- [email protected]
- Get Involved
Swayam Stock Exchange: Trading in Ideas and Events
There are all kinds of stock exchanges in the world, which trade millions of dollars worth of entities every day. They largely control the money markets and price fluidity in an integrated global economy. However, in an innovative contribution to the E-week, Siri Kalluri, a fourth-year engineering student of the Vasavi College of Engineering, Hyderabad, conceptualised an exchange for innovative events which are part of the college's e-week schedule.
The college E-cell Swayam found the idea interesting. Its members developed it further with Kalluri and created a Swayam index with a maximum value of 10,000 in rupee terms. They issued a virtual currency of a maximum of Rs 500 to 50 students of the college. They were asked to invest in five formal and 12 informal events during the E-week, where the crowd participation became the bottom-line of each event. The student whose prediction of the number of participants comes closest to the actual number who attend it gets to take the investment of the rest of the investors.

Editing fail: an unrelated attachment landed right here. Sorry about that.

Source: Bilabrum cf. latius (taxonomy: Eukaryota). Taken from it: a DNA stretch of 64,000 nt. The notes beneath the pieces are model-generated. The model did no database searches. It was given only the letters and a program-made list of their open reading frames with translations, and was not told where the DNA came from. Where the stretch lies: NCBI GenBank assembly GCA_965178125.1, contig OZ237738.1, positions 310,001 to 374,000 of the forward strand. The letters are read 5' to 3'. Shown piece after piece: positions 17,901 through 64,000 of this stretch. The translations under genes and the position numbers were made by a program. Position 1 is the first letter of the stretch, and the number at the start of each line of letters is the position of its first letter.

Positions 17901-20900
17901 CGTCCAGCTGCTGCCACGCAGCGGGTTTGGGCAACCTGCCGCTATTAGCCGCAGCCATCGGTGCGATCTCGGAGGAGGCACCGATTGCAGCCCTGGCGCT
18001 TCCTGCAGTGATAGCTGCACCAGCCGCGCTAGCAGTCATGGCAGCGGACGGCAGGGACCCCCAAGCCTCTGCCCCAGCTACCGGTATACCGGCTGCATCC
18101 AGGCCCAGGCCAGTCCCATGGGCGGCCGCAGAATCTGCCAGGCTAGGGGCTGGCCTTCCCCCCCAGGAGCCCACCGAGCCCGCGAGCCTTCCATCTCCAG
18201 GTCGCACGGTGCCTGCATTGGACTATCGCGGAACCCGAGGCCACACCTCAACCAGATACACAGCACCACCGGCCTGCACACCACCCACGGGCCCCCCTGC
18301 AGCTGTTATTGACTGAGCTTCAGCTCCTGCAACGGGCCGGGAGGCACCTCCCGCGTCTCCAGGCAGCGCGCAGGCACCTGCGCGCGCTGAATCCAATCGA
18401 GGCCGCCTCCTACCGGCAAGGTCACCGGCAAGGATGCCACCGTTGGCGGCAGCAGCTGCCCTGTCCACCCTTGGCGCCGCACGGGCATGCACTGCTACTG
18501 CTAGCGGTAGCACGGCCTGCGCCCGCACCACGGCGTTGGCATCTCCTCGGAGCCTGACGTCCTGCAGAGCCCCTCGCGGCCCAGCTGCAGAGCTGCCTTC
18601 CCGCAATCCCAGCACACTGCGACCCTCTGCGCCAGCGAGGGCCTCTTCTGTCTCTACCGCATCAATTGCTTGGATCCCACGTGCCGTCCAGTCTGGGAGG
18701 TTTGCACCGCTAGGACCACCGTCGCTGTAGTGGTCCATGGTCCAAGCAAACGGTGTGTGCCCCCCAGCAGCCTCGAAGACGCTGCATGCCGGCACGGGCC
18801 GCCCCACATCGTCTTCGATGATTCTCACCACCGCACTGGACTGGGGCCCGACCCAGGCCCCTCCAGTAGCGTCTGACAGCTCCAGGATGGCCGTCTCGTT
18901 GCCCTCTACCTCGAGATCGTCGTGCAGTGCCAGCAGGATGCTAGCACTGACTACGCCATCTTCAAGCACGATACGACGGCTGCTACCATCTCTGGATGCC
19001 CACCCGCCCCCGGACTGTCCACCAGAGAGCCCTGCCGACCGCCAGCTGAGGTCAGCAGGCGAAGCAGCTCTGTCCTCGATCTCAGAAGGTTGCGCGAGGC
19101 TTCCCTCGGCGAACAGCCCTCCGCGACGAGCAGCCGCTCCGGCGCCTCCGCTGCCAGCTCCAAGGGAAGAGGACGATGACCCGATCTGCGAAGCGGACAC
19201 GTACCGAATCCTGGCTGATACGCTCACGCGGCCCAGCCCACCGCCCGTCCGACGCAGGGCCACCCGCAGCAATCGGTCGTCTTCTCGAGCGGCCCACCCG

This process has multiple advantages, which can be used both by the innovative students as well as the faculty and even other people in the event management industry. First, this index invokes active student participation even among those students who otherwise are not directly participating in E-week events. When the data is collated, organisers can easily announce the 'richest' investor in the college who predicted the trends of events accurately. Second, it tells the E-cell how far they have been successful in creating a buzz around the events. A perfect score of 10,000 for the index can indicate the popularity of the E-week. They can also find out which events attracted better response from the investors, thus setting the agenda for future events. And, third, if the concept is further fine-tuned and extended to everyone in the audience, the way an open stock exchange works, it can be a better indicator of the popularity. This can tell the faculty, other organisers and the industry that an index of popularity of such events can be developed with virtual currency.
The Swayam team wants to add more features to the index to take it closer to the functioning of an exchange where real money is traded.